Figure. Image of the left foot.
A 64-year-old woman presents to the emergency department with complaints of an ulceration along the fifth metatarsophalangeal joint that has developed within the past week. She has a history of uncontrolled type 2 diabetes, coronary artery disease, and peripheral neuropathy. She is afebrile and has a white blood cell count of 12 x 109/L. Blood cultures obtained at hospital admission show a Staphylococcus aureus bacteremia. Two years ago, the patients underwent an amputation through the interphalangeal joint of the first toe. Radiographs of the foot show no evidence of osteomyelitis. Physical examination reveals a 2 cm x 3 cm ulceration along the fifth metatarsal with surrounding erythema that extends to the dorsum of the foot (Figure). She has 2+ palpable dorsal pedalis and posterior tibial pulses. Magnetic resonance imaging (MRI) of the left foot does not display identifiable abscess, fluid collection, or osteomyelitis.
Submit your diagnosis to see full explanation.
The loss of protective sensation in patients with diabetes and peripheral neuropathy can result in ulcerations of the foot. The most common locations for foot ulcers involve bony prominences such as the base of the fifth metatarsophalangeal joint, the top of the toes, and side of the foot. Prior amputation of the foot digits can change the mechanics of the foot during gait and increases the risk of ulceration in other locations.1
When evaluating foot ulcers, peripheral arterial disease (PAD) should be ruled out first as ulcers are unlikely to heal without adequate perfusion. PAD has a 20-fold higher prevalence in patients with diabetes than those without and should be ruled out by checking distal pulses first.2 A monofilament test confirms the diagnosis of peripheral neuropathy; a positive test is when the monofilament can be pressed against the foot with enough pressure to bend the filament without the patient experiencing symptoms.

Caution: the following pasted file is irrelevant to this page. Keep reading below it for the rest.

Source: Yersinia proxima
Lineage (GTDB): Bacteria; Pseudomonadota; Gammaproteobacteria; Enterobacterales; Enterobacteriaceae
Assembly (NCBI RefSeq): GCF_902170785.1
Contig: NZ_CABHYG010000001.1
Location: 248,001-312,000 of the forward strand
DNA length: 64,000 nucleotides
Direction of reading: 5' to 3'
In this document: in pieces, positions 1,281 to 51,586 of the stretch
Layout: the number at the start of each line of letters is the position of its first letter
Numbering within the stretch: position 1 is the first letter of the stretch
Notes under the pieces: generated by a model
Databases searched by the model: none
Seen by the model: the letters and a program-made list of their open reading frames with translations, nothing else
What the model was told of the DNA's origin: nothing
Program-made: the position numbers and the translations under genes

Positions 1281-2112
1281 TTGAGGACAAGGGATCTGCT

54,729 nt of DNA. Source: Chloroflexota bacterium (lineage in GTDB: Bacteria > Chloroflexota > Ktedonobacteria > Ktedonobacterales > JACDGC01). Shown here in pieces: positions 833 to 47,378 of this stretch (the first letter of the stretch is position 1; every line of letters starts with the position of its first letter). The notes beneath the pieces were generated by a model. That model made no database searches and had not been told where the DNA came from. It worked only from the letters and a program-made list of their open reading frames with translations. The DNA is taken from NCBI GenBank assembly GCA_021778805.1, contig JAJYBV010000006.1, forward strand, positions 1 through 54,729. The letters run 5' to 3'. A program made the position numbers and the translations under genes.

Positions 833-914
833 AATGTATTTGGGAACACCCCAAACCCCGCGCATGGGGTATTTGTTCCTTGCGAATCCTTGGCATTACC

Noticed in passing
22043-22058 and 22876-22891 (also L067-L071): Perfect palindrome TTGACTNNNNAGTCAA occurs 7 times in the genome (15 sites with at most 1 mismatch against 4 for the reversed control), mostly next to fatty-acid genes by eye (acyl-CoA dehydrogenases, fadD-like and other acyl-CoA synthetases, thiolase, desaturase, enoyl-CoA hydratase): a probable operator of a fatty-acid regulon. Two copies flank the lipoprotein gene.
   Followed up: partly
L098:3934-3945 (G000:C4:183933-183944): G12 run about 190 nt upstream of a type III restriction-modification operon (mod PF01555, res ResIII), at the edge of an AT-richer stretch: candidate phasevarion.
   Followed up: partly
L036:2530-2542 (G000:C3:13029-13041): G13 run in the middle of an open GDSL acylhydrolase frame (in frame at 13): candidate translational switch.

Debridement is considered an essential part of the treatment of neuropathic foot ulcers. The goal of debridement is to remove non-viable necrotic tissue that inhibits wound healing. Bacteria inhibits wound healing by slowing epithelialization and collagen deposition; therefore, debridement removes bacteria and converts a necrotic ulcer to a viable healing environment.3
This patient underwent surgical debridement of her ulcer to remove all devitalized tissue until viable bleeding tissue was present. MRI did not show osteomyelitis, so it was not necessary to remove any bone during debridement.3,4
Dagan Cloutier, MPAS, PA-C, practices in a multispecialty orthopedic group in the southern New Hampshire region and is editor in chief of the Journal of Orthopedics for Physician Assistants.
1. Armstrong DG, Boulton AJM, Bus SA. Diabetic foot ulcers and their recurrence. New Engl J Med. 2017;376:2367-2375.
2. Weitz JI, Byrne J, Clagett GP, et al. Diagnosis and treatment of chronic arterial insufficiency of the lower extremities: a critical review. Circulation. 1996;94(11):3026-3049.
3. Gordon KA, Lebrun EA, Tomic-Canic M, Kirsner RS. The role of surgical debridement in healing of diabetic foot ulcers. Skinmed. 2012;10(1):24-26.
4. Yammine K, Assi C. Conservative surgical options for the treatment of forefoot diabetic ulcers and osteomyelitis. JBJS Rev. 2020;8(6):e0162.